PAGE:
2010 Update

A recent update of the NICE guidelines for drug treatment of neuropathic pain as well as a review newly published in the U.S. (Dworkin, et al.) recommend amitriptyline and gabapentin as first line agents. The importance of evaluating psychosocial factors and use of cognitive behavioral therapy in management was discussed in a recent review by Turk, et al. These and other systematic reviews and expert recommendations continue to support this policy.

2011 Update

Updated to incorporate newly FDA-approved indication for Cymbalta in chronic musculoskeletal pain. No other significant updates to the literature were found.

2012 Update

No information was revealed that would prompt a change in policy.

2014 Update

Policy updated to include generic SNRI trial as a qualifier for coverage.


  1. Crofford L, Rowbotham MC, Mease PJ, Russell IJ, Dworkin RH, Corbin AE, Young Jr. JP, LaMoreaux LK, Martin SA, Sharma U, Pregabalin 1008-105. Pregabalin for the treatment of fibromyalgia syndrome: results of a randomized, double-blind, placebo-controlled trial. Arthritis Rheum. 2005; 52(4)1264-73.
  2. Data on file – Pfizer Inc., New York, NY.
  3. Data on file – Lilly Pharmaceuticals, Indianapolis, IN.
  4. Lyrica® (pregabalin) package insert. Pfizer Inc, New York, NY. Revised June 2007.
  5. The National Institute of Diabetes and Digestive and Kidney Diseases (2002) Diabetic Neuropathies: The Nerve Damage of Diabetes. NIH Publication No. 02-3185.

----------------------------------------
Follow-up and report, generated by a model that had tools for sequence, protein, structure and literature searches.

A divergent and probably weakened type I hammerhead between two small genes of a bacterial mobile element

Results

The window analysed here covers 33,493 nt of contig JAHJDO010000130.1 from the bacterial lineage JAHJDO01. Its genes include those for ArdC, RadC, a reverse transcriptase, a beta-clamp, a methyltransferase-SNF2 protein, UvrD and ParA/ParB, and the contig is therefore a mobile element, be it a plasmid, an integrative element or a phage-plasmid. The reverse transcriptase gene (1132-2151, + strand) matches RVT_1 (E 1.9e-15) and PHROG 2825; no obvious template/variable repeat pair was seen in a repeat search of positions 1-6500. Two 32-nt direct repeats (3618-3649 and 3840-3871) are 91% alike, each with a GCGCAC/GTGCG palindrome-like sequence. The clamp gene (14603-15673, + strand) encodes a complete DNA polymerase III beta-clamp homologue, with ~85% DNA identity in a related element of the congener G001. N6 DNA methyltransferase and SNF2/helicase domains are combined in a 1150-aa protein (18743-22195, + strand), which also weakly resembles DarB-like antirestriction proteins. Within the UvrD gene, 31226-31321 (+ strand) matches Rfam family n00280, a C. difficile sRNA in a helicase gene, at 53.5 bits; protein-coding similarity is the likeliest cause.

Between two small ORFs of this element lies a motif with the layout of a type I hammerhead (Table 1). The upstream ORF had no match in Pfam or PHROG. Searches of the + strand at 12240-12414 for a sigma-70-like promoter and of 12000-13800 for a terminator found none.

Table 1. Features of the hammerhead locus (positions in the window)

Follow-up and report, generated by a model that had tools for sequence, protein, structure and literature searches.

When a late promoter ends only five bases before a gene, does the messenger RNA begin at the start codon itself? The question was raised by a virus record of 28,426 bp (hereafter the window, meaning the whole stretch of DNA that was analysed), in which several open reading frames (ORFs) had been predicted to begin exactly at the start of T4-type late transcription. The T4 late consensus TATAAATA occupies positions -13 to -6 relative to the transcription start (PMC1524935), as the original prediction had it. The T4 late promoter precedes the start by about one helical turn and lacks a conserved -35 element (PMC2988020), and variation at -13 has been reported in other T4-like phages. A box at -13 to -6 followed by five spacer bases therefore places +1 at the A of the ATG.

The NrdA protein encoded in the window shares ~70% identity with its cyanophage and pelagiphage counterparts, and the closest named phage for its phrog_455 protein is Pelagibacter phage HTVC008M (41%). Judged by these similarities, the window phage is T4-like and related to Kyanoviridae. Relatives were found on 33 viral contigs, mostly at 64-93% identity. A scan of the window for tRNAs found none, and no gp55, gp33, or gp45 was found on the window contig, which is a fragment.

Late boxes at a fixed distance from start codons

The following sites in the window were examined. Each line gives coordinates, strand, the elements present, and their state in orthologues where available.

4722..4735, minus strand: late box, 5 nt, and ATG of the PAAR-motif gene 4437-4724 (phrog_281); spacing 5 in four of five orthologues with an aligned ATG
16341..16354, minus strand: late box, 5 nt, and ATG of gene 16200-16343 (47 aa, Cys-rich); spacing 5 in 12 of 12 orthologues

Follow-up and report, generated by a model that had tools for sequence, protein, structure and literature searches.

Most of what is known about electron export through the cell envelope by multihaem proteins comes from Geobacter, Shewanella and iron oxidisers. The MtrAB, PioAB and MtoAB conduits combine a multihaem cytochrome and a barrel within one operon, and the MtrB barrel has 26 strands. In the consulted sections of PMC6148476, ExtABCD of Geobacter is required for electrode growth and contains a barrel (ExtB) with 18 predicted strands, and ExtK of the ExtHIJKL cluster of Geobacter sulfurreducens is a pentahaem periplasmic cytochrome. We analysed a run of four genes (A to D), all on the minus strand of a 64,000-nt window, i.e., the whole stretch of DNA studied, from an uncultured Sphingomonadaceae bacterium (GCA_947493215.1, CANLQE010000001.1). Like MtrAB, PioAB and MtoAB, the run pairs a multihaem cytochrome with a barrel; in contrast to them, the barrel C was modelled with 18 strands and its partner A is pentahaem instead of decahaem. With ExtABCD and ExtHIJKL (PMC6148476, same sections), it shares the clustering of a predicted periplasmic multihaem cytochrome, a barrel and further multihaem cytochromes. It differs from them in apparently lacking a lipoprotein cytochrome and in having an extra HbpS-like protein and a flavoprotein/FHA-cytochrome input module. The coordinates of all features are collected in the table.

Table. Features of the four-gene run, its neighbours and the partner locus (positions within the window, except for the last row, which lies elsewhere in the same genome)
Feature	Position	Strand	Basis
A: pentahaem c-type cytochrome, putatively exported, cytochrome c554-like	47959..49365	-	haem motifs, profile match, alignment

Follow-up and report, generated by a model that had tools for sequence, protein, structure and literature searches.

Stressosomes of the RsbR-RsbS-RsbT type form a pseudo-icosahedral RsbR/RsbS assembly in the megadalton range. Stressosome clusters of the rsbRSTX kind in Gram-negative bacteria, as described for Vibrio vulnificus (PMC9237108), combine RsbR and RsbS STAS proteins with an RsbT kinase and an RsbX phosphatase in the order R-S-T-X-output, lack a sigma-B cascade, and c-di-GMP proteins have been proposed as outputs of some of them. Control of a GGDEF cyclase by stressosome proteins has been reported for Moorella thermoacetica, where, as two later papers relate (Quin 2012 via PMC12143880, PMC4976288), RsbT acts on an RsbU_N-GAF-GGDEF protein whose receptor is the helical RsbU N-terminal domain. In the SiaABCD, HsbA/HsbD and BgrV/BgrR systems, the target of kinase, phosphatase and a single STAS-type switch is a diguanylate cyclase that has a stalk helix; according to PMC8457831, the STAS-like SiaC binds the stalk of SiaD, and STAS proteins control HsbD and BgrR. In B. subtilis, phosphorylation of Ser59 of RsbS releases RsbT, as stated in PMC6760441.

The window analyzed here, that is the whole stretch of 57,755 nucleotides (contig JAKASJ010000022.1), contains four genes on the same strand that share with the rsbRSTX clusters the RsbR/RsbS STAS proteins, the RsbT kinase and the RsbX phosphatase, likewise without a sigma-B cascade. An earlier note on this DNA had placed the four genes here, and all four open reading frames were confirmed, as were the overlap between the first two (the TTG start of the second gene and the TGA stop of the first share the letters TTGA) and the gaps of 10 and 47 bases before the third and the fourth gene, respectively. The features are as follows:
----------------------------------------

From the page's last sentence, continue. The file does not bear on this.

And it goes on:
6. Duby J, Campbell R, Setter S, White J, Rasmussen K. Diabetic neuropathy: an intensive review. Am J Health Syst Pharm.2004;61:103-173.
  7. Sumner CJ, Sheth S, Griffin JW, Cornblath DR, Polydefkis M. The spectrum of europathy in diabetes and impaired glucose tolerance. Neurology. 2003;60:108-111.
  8. Schmader KE. Epidemiology and impact on quality of life of postherpatic neuralgia and painful diabetic neuropathy. Clin J Pain. 2002;18:350-354.
  9. Backonja MM, Serra S. Pharmacologic management part 1: better-studied europathic pain diseases. Pain Medicine. 2004;5:S28-S47.
  10. Dworkin RH, Backonja MM, Rowbotham MC, Allen RR, et al. Advances in europathic pain: diagnosis, mechanisms, and treatment recommendations. Arch Neurol. 2003;60:1524-1534.
  11. Wolfe F, Ross K, Anderson J, Russell IJ, Hebert L. The prevalence and characteristics of fibromyalgia in the general population. Arthritis Rheum 1995; 38: 19-28.
  12. Chakrabarty S, Zoorob R. Fibromyalgia. Am Fam Physician 2007;76:247-54.
  13. Berger A, Dukes E, Martin S, Edelsberg J, Oster G. Characteristics and healthcare costs of patients with fibromyalgia syndrome. Int J Clin Pract 2007; 61:1498-1508.